When perchlorate ingested can harm the thyroid, which regulates human's metabolism and development. Pregnant women, nursing mothers and infants are particularly sensitive.
Drinking water contamination at a Mendon school thought to cause be fireworks was caught by new testing required by the state for perchlorate, but other communities with pyrotechnics say they have taken precautions.
A year ago Massachusetts adopted the nation's strictest standard for perchlorate contamination, with a threshold of two parts per billion, or about 2.5 teaspoons in an olympic-sized swimming pool.
The chemical is used as an oxidizer in fireworks, ammunition and in explosives used for blasting in construction, said Ed Coletta, spokesman for the Massachusetts Department of Environmental Protection.
The danger comes when the chemical washes into drinking water supplies, Coletta said. When perchlorate ingested can harm the thyroid, which regulates human's metabolism and development. Pregnant women, nursing mothers and infants are particularly sensitive.
In Mendon, the Clough School used to host an annual carnival with a fireworks display on land next to the school. The carnival has not been held the past couple years.
``The places we have seen it previously are those with big displays sponsored by social clubs, towns, whoever,'' Coletta said. ``They material explodes and you have debris fall down and the pieces have the perchorlate on them. When it rains, the perchlorate is taken off the debris and goes into the ground where it can get into the ground water.''
Many communities around Eastern Massachusetts have fireworks displays, and many more had them in the recent past. Those who host the shows have been put on notice about the dangers of perchlorate.
Perchlorate contamination was discovered in wells supplied by Buckmaster Pond in Norwood, but it was below the state threshold. The pond is owned by Norwood and has been considered to be used as a backup water supply for the town. It actually sits in Westwood and used to be the site of Westwood's pyrotechnic show, which has since been moved elsewhere.
In Southborough, the annual fireworks show for Southborough Summer Nights was moved from a site next to the Sudbury Reservoir to a field next to Neary School, said Fire Chief John Mauro.
``We moved it because we were shooting right over the reservoir, which is a back-up water supply,'' Mauro said. ``We wanted to ensure we weren't near any back up water supplies.''
Other communities have shows, but in locales that do not affect water supplies.
Waltham has an annual display, but Mayor Jeannette McCarthy said the water supply is not threatened.
``We do it over the high school football field, so we don't really have any water in that area,'' McCarthy said.
Newton's Fourth of July celebration occurs each year at Albemarle Park. City spokesman Jeremy Solomon said city residents are not at risk because Newton does not rely on ground water.
``Our ground water is not used as drinking water. Ours comes from the MWRA,'' Solomon said. ``Any ground water would not be consumed, so we don't test the ground water for perchlorate.''
Fireworks became a hot issue in Northborough last year. The annual Applefest display takes place at Algonquin Regional High School. Some residents worried about perchlorate seeping into drinking water supplies, but Fire Chief David Durgin said he believes it is safe.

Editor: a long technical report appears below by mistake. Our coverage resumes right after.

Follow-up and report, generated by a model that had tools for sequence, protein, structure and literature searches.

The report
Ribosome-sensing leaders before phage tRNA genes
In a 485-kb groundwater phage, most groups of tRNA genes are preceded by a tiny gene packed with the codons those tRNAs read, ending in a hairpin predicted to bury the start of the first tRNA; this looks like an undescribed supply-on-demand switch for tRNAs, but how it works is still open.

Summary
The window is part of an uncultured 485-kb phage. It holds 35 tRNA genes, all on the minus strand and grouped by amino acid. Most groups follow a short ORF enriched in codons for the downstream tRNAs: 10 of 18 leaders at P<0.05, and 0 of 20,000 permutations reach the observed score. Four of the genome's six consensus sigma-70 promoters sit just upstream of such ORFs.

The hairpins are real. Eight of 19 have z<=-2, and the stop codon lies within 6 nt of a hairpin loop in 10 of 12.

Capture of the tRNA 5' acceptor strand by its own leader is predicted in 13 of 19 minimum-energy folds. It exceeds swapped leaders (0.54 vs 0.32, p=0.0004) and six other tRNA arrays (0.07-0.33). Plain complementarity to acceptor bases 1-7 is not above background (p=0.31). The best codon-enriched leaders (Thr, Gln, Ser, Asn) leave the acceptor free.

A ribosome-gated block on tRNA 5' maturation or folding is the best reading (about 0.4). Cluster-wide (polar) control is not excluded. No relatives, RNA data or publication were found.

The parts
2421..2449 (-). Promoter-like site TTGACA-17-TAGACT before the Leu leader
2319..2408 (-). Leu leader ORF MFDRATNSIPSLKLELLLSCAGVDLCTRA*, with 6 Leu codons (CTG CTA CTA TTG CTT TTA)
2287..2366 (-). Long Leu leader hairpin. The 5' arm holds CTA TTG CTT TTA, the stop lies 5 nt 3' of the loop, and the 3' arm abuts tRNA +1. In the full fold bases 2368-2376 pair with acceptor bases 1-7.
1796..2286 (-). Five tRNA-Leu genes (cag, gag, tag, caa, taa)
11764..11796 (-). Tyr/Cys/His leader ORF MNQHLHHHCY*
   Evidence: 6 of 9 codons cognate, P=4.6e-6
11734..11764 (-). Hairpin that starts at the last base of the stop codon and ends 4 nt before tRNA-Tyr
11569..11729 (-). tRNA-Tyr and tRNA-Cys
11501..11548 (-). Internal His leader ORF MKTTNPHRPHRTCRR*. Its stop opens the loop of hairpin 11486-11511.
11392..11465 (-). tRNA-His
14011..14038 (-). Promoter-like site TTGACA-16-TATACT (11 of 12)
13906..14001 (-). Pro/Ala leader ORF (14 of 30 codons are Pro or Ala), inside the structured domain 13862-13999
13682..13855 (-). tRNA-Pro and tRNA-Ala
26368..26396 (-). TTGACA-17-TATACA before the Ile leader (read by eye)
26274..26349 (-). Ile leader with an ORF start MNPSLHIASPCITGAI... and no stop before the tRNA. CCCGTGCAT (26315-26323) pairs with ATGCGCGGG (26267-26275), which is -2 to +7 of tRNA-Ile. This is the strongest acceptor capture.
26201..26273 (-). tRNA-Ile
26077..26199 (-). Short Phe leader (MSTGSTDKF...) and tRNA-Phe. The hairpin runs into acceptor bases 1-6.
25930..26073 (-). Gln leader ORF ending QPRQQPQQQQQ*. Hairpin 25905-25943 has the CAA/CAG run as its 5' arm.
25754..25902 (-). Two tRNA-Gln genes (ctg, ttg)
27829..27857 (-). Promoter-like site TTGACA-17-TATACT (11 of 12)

``It's a non-issue,'' Durgin said. ``We brought in environmental engineers, we had the fireworks people come out and took the information approved by the DEP. We beat this issue to death.''
The contamination found in Mendon is the latest found in the state, Coletta said. All public water supplies must be tested regularly - twice a year for wells and four times a year for surface water supplies, including rivers, lakes and reservoirs.
The standards apply to any public water supply, Coletta said, which includes a town or city, along with any system that serves at least 25 people for 65 days a year, or more.
``We are talking a school, a camp, offices,'' Coletta said. ``A lot of places.''
The culprit for the contamination often turns out to be fireworks, but other sources have been found around the Bay State, said Ray Raposa, executive director of the New England Water Works Association. The Holliston-based professional group works with water department workers and consultant working in the industry.
``One incident that occurred, where (the perchlorate issue) started in Massachusetts, it was found on Cape Cod around the old military installation,'' Raposa said. ``The ammunition was never really cleaned up, and (perchlorate) got washed into groundwater.''
Another instance occurred near Lowell on the Merrimack River, Raposa said. The source turned out to be a factory that was discharging it into the river.
If found, perchlorate contamination can be treated in a water treatment plant, Raposa said.
``The treatment technology is there,'' Raposa said. ``If they don't have a treatment plant they have to put it in. If they have one, it they could make some modifications.''
The other key to dealing with the contamination, Raposa said, is to remove the source of the pollution.
``In our part of the country it is not something that naturally occurs,'' Raposa said. ``It is more a byproduct of some human activity. It is important to move the activity away from the drinking water area, so doesn't have an impact.''
The DEP's Coletta said fireworks can still be used, but precautions should be taken.
``The best management practices for those is to pickup as much of the debris as possible,'' Coletta said.
Charlie Breitrose of The MetroWest Daily News (Framingham, Mass.) can be reached at 508-490-7461 or firstname.lastname@example.org.